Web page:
An event management system is configured to host a first event that includes a first set of event endpoints that provides first and second sets of media streams to respective first and second sets of attendees during the first event. The event management system is configured to, while hosting the first event, create a second event that includes a second set of event endpoints that provide a third set of media streams to at least one of the first set of attendees and a fourth set of media streams during the second event. At least one of the second set of event endpoints is sufficiently separated from each of the first set of event endpoints so that the second event does not substantially interfere with the first event.

Description

    BACKGROUND
  • Collaboration event systems allow for collaboration between people in different locations. These systems allow participants to interact with one another through the use of audio and video equipment that provides real time audio and video communications. The process of connecting people across various locations may become complex, particularly where different groups of people desire to use part of the same collaboration event system for different collaborations.
  • During a collaboration event, situations may arise where a subset of people participating in the event may desire to collaborate separately from the remaining people in of the event. If two different subsets of people try to carry on separate collaborations in a collaboration event across multiple locations, the collaboration event may become confusing or difficult to follow for some or all of the participants.
  • BRIEF DESCRIPTION OF THE DRAWINGS
  • FIG. 1 is a block diagram illustrating one embodiment of a collaboration event system.
  • FIGS. 2A-2B are block diagrams illustrating embodiments of an event endpoint.
  • FIGS. 3A-3B are block diagrams illustrating embodiments of configurations of audio/video devices.
  • FIG. 4 is a flow chart illustrating an embodiment of a method performed by an event management system.
  • FIG. 5 is a block diagram illustrating an embodiment of event endpoint locations.
  • FIGS. 6A-6C is are block diagrams illustrating embodiments of events.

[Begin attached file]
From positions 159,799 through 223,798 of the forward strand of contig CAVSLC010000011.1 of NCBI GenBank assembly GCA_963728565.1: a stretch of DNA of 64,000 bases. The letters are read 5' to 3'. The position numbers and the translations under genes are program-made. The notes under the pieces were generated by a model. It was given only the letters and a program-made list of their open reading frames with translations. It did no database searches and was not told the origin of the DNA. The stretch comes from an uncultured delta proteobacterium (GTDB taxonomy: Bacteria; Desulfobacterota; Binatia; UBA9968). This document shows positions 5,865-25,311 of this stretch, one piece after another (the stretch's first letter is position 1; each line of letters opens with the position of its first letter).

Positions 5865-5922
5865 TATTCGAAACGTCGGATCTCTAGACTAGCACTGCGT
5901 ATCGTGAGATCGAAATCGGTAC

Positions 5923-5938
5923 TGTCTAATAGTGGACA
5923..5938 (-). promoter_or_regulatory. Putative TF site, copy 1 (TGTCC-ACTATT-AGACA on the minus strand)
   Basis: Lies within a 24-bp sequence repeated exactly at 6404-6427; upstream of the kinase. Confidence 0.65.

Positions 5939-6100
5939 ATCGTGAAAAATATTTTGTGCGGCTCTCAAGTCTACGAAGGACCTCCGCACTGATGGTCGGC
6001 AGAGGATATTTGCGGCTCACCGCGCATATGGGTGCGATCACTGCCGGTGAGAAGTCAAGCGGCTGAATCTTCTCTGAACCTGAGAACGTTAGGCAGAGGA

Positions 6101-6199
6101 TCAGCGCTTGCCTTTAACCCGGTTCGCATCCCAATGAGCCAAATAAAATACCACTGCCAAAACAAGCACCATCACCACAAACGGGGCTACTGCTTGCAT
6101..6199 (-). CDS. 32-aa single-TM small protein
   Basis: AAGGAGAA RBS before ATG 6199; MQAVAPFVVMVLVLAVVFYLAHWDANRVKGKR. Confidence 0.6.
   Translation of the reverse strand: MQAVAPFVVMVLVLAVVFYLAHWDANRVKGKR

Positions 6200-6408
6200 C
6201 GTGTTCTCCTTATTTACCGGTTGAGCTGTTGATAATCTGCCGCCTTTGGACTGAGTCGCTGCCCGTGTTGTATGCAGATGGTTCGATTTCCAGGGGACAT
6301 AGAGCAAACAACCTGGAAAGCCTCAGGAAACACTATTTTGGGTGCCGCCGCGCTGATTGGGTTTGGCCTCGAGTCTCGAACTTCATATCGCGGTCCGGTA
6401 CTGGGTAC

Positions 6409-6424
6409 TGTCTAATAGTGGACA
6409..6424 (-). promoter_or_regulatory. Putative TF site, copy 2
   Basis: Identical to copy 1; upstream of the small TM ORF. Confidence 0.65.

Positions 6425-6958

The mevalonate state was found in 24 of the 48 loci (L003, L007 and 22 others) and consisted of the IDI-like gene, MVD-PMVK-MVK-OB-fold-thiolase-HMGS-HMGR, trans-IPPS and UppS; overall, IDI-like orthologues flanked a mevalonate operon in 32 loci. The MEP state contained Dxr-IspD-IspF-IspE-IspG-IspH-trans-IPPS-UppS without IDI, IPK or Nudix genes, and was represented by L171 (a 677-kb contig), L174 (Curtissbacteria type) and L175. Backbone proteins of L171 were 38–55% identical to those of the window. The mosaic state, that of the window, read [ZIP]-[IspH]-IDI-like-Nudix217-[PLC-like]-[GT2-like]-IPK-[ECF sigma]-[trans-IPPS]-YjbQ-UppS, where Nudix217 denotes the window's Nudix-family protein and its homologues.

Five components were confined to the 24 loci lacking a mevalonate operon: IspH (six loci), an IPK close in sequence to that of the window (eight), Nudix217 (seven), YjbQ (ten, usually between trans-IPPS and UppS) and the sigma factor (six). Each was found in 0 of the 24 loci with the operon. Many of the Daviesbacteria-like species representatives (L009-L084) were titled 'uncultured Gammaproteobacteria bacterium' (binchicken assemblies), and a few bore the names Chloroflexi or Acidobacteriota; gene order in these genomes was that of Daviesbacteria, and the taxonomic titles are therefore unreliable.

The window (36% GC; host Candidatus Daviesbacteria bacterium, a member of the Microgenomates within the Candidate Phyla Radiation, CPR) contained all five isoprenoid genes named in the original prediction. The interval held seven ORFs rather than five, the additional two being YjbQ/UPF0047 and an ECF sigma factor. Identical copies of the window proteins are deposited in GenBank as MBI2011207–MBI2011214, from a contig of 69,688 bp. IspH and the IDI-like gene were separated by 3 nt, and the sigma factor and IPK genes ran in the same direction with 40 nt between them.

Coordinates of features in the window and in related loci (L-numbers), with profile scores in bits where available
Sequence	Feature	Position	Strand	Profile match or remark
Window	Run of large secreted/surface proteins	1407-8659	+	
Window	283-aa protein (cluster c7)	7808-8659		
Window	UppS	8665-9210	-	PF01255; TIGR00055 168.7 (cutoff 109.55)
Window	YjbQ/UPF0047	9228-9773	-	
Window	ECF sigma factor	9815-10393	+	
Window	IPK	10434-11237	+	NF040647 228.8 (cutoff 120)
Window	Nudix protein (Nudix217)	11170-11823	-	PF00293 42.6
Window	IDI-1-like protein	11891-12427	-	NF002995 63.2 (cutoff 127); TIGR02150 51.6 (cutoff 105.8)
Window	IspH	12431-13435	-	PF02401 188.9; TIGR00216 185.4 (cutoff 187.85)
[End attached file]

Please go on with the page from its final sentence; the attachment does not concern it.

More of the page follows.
• FIGS. 7A-7C is are block diagrams illustrating embodiments of events.
  • DETAILED DESCRIPTION
  • In the following detailed description of the preferred embodiments, reference is made to the accompanying drawings, which form a part hereof, and in which is shown by way of illustration specific embodiments in which the invention may be practiced. It is to be understood that other embodiments may be utilized and structural or logical changes may be made without departing from the scope of the present invention. The following detailed description, therefore, is not to be taken in a limiting sense.
  • As described herein, an event management system manages collaboration events such as video teleconferences. The event management system maintains registered event specifications for each collaboration event and dynamic event context information that describes the status of collaboration events relative to each other. The event management system uses the registered event specifications and the dynamic event context information to optimize the interaction between collaboration events. The event management system also includes event endpoint information and policies that describe relationships among endpoints and rules associated with endpoints and event attendees.
  • The event management system is configured to allow one or more attendees from a first collaboration event to create and participate in a second collaboration event, separate from the first event, while the first event continues. The event management system maintains an association between the first and second events to allow attendees and endpoints to readily move between the events. The second event includes one or more additional endpoints and allows attendees of the second event to collaborate without interfering with the first event. During the second event, the first collaboration event may continue unmodified (except for the absence of the attendees in the second collaboration event) or may be modified to cause an endpoint to be moved from the first event to the second event. After the second event, the attendees may rejoin the first event by returning to an endpoint of the first event or causing an additional endpoint (e.g., an endpoint from the second event) to be added to the first event. The event management system may restore the nature of the participation of attendees in the first event according to registered event specifications and/or dynamic event context. By doing so, the event management system may allow endpoints to rejoin the first event in the same topology position without protracted request negotiation that may precede new endpoints joining the first event.